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Cusco is one of Peru’s finest cities and is a tourist hotbed. People come from all over the world to admire the remarkable architecture of the Incas and experience the unique culture of the Andean people. When walking around the streets you’ll be struck by the interesting Inca ruins and beautiful colonial buildings. Here is our guide to exploring the remarkable sites of one of Peru’s most celebrated cities, Cusco, the city of the Incas.
You need to spend some time just soaking in the stunning views of the plaza. There are plenty of benches to plop down on and admire the beautiful churches and colonial style buildings with an Inca twist. The plaza is also a great place to start up conversation with a stranger and meet new people. The plaza was once the center of Inca life, and in addition to its beauty, has much historical value. Kick back in the plaza like a Cusqueno.
The trendy, bohemian neighborhood of Cusco is a must visit. You’ll be able to enjoy some of Cusco’s best coffee shops, high-end shopping and hotels. Simply strolling around the cobble-stoned streets is a fun adventure and worth a day. If you’re looking for boutique shopping, then San Blas is your place.
Unfortunately much of the site was destroyed by the Spanish, but what remains is none the less spectacular. The massive structure was used by the Incas for both religious and military purposes and was a center piece in Inca life. The ruins are a short, but steep hike up from San Blas and provide stunning views of the entire city. Plan to spend at least a couple of hours here – there is so much to see and it is a very large ruin.
The statue stands in stark contrast to the religious ruins of Sacsayhuamán, which is only a short walk away. The giant Christ statue offers probably the best views of the city of Cusco and makes for a fun day hike or a visit after you see Sacsayhuaman.
Constructed in 1550, the massive and breath-taking cathedral is constructed of stones stolen from Sacsayhuamán. The Cathedral anchors one side of the Plaza de Armas and offers tours to those who are so inclined. The cathedral also has colonial art influenced by Inca and Andean life, making for a unique spin on Spanish-colonial art.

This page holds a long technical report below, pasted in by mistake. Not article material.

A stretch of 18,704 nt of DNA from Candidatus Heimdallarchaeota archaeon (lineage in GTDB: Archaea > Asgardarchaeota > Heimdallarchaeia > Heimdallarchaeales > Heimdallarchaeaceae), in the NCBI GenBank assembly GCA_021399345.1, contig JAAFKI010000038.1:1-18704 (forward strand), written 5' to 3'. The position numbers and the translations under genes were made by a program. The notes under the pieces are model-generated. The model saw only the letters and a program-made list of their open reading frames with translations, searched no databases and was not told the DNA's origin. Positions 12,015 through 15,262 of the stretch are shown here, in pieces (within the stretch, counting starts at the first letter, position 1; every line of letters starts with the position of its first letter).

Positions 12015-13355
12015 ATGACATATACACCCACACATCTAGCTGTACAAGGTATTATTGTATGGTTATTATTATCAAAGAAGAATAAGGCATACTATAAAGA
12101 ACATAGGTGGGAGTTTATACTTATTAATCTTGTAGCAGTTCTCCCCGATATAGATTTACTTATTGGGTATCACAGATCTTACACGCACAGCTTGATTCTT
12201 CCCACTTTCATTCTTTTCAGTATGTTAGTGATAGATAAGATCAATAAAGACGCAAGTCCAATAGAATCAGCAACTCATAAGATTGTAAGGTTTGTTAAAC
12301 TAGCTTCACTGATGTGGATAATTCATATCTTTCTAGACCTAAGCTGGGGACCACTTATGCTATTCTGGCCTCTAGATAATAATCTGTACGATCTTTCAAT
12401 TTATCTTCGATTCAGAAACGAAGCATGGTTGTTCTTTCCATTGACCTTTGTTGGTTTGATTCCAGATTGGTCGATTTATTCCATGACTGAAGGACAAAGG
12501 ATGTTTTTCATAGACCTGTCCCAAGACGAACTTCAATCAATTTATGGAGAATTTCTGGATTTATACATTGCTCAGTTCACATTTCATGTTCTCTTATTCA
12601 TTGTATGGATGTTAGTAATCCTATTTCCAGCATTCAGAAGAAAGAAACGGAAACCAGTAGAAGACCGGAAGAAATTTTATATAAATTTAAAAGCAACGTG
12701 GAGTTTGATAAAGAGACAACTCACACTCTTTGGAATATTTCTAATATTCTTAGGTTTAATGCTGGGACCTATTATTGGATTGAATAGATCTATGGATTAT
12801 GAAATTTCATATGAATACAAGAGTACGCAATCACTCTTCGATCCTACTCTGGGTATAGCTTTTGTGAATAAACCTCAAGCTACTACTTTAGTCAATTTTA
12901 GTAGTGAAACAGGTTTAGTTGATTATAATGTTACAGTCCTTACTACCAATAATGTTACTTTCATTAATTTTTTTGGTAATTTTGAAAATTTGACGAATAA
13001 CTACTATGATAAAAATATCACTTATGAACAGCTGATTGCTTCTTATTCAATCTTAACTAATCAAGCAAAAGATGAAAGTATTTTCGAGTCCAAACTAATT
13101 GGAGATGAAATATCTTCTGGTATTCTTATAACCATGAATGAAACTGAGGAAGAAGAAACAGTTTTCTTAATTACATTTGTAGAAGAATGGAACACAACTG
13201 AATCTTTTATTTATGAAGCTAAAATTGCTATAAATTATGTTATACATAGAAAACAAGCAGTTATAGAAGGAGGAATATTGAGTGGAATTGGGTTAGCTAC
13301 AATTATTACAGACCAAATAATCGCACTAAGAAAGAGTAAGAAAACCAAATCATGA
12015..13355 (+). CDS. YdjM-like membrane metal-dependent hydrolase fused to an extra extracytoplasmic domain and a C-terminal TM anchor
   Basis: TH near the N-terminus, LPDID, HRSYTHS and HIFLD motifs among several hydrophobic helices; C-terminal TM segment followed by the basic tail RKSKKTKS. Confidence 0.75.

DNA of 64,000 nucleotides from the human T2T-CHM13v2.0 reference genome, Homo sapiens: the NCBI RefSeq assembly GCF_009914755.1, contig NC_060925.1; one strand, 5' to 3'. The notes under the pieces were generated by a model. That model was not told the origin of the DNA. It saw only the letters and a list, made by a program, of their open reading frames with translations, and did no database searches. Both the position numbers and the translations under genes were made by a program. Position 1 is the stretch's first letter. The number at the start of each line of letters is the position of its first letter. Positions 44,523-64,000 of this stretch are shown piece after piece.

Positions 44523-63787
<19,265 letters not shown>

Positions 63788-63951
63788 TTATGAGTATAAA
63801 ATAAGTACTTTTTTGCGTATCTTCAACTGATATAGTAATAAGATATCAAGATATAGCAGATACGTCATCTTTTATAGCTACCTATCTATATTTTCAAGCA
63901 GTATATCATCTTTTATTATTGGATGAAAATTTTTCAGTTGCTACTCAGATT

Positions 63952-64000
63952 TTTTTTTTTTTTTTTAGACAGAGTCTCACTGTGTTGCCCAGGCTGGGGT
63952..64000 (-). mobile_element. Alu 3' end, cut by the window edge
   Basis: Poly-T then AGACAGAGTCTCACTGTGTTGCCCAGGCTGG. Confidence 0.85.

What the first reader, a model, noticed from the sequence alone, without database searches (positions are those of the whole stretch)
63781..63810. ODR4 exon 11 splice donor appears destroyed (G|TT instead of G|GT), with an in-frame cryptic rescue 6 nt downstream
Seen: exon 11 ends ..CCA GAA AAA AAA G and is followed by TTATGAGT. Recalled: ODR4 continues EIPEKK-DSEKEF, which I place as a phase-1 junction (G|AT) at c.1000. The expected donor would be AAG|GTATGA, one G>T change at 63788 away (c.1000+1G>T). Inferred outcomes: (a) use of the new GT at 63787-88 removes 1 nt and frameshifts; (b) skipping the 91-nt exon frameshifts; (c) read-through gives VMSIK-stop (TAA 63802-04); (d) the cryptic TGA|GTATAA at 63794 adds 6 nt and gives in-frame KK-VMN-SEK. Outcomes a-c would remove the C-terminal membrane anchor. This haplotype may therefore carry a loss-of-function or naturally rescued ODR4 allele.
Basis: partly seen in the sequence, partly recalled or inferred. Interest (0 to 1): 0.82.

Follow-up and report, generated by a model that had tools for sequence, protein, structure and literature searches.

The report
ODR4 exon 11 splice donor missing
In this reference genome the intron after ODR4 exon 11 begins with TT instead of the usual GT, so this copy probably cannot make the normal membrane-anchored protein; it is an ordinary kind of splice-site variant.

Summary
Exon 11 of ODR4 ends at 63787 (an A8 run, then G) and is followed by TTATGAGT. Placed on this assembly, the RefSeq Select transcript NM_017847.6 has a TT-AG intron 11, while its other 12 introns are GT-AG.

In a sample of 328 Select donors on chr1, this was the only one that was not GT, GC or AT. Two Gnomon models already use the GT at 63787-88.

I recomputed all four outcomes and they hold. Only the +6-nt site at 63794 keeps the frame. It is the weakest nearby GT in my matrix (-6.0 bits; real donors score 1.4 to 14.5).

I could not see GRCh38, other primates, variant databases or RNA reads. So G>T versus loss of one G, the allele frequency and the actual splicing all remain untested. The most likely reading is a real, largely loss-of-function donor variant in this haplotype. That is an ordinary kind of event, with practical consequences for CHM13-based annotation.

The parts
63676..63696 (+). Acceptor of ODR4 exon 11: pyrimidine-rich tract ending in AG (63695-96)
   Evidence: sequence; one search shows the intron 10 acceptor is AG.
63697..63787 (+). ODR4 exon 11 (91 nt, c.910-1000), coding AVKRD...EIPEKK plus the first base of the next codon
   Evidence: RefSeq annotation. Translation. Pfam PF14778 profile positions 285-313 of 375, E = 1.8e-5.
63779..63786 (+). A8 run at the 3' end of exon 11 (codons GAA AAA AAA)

You’ll be able to see the stars form the southern hemisphere – a new experience for a lot of people. You’ll learn the constellations from the Inca’s perspective, including the various names for constellations used by the Incas. Located next to Sacsayhuamán, at night the area provides the best spot for exploring the stars.
A trip to this cave offers one of the best day hikes in all of Cusco. About three hours round trip, you’ll hike to a cave in the hillside of Cusco. You’ll experience the topography of the surrounding areas and arrive at a deep cave with a river running through it. If the hike doesn’t sound appealing there are options to take horses near Sacsayhuamán.
This Inca temple is only a couple of blocks from the Plaza de Armas and was one of the most important temples in the Inca empire. The temple was dedicated to the sun god Inti and was adorned with gold. After the Spanish conquest, much of the site was destroyed and pillaged. However, what remains is still beautiful and worth a visit. It is also rumored that the Incas had a tunnel that connected Sacsayhuamán to Coricancha.
While not in Cusco, everyone first stays in Cusco before they head to the famous city in the sky. Only located a couple hours from Cusco, if you don’t want to do any of the hikes to the ruins, you can just as easily take the luxury train, bus or taxi. No matter what, if you’re in Cusco, you must go to Machu Picchu.